In recent times there has been repeated warnings of the dangers of buying off the plan in high-rise residential buildings. An excellent article in The Australian newspaper last week highlights a very real problem that exists. Below are extracts from the article.

Source: Chinese Home Buyers Caught In a Trap by Maggie Lu Yueyang – The Australian Aug 8th, 2016:

As a renowned teacher of English in China, Liu Jiabing planned well for his daughter’s education. He chose a good university in Australia, helped her to get an offer to enrol next year, and bought an apartment in Melbourne that is due to settle next month.

But now the apartment near Monash University that he bought off the plan for $600,000 is keeping him up at night.

“At the very first, I was told I only had to pay 20 per cent down payment,’’ Mr Liu, who works at a prestige foreign language school in Nanjing, in China’s east, told The Australian in a phone interview. “Then they told me I had to pay 30 per cent, and later 40 per cent, as the banks won’t lend and we have to borrow from small financial organisations”.

Mr Liu is just one of those Chinese parents who buy homes, usually new apartments, before sending their children to Australian universities.

Education is the top motivation for Chinese buyers of properties here, driving more than 60 per cent of inquiries in Sydney and Melbourne, according to Juwai, an international property portal for Chinese buyers.

However, these buyers are now struggling to settle their purchases after all the big banks shut down lending to overseas buyers. They may have to pay in cash, resell at a loss or simply lose the 10 per cent deposit.

The extent of the impact on Australia’s property market remains unclear, but could be severe given that overseas buyers comprise about 30 per cent of the new apartment market. At some individual projects, the portion can be 50 per cent or even 100 per cent, according to industry experts.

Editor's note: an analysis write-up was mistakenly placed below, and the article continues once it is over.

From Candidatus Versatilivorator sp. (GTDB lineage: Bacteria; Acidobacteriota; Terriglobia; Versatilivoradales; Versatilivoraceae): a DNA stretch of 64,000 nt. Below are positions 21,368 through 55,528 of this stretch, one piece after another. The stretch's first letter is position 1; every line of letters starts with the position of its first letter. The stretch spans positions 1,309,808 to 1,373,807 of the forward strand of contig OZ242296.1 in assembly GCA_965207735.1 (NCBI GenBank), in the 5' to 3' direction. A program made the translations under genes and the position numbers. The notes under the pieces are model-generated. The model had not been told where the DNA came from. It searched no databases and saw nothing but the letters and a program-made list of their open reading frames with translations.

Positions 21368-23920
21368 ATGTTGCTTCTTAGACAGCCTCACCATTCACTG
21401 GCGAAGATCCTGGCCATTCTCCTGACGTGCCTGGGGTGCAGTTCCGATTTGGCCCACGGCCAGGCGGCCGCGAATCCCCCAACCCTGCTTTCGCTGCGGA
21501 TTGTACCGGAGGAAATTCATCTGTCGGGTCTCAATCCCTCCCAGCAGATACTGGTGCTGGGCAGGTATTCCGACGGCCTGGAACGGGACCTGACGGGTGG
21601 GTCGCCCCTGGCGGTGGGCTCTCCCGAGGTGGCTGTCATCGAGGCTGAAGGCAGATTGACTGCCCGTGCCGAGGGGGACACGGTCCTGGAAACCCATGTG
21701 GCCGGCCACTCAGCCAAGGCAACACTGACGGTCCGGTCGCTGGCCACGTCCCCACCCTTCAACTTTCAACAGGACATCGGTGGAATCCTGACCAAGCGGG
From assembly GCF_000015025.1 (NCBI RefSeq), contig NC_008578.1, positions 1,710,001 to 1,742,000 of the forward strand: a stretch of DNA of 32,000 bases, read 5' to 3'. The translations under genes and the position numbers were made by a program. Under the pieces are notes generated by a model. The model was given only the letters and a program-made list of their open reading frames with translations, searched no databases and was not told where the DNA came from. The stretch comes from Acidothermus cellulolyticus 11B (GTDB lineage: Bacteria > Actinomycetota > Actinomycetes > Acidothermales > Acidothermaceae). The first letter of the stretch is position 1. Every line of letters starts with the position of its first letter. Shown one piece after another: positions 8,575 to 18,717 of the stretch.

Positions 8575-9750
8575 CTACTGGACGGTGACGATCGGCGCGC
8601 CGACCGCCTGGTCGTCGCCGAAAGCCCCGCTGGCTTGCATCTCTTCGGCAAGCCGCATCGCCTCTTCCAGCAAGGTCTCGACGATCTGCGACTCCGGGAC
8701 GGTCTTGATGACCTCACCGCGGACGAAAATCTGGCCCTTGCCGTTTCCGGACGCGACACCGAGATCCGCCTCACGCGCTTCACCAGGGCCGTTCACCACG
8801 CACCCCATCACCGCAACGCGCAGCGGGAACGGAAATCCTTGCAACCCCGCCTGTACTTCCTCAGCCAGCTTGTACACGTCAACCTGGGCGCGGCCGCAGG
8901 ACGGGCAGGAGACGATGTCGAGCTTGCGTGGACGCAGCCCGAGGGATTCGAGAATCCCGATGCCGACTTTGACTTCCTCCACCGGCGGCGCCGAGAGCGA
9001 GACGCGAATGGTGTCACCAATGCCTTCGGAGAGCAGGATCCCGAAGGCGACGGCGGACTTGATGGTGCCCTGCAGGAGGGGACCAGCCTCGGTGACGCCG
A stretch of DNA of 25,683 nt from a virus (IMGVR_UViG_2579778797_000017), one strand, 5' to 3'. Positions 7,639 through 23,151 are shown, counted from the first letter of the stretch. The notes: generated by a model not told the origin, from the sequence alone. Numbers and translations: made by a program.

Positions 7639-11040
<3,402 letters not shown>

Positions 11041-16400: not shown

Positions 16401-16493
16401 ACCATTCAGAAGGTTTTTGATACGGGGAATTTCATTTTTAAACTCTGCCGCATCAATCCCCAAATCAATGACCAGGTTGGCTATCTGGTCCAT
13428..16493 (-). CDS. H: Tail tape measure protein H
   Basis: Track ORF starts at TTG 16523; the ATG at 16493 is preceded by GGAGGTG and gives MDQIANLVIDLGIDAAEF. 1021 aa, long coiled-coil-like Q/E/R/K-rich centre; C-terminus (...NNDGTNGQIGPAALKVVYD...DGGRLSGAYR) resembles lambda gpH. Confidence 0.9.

While Mr Liu sets about finding the money from friends and families to help make the down-payment, AC Property, a Melbourne-based property portal, has four or five calls every day from buyers who seek to resell their off-the-plan apartments after finding it hard to settle.”

In another part of the article the following story is typical of many buyers and not those necessarily from overseas.

Mr Li, who declined to give his first name, is one of those resellers after the Melbourne CBD apartment his parents bought two years ago failed to settle.

“Everything looked fine when my parents bought it two years ago, and we were told they could get bank finance as overseas buyers,” said Mr Li, a sales representative in the telco industry.

“But now they could not get finance and could not settle.”

Mr Li’s parents, based in Guangzhou, in China’s south, have already missed the settlement deadline of July 18 for the apartment they bought for $440,000. The developer is now charging them about $150 a day as penalty, which is pushing Mr Li to resell as soon as possible.

“It’s OK if we can just get back 5 per cent, but we haven’t got any buyer yet,” he said.

Even if they could get finance, it would not be ideal to hold the property in the current market, Mr Li added, showing concerns about the limited profit upside.

“If we walk away, the worst thing is that we lose the 10 per cent deposit. But if we find ways to ¬settle it, I am not sure what we can make out of this, as the market is not looking pretty.”

We believe this is becoming quite a common occurrence in Melbourne. Some vendors have tried to sell prior to settlement but failed and were forced to settle after finding more equity because the bank valuation at settlement was well below the original price paid.

In our view this scenario will be repeated many times because there is a surplus of apartments and with forced selling, prices (valuations) will drop as those unable to settle will sell at less than the original contract price paid off the plan. Our advice is to stay away from high-rise, off the plan, purchases.


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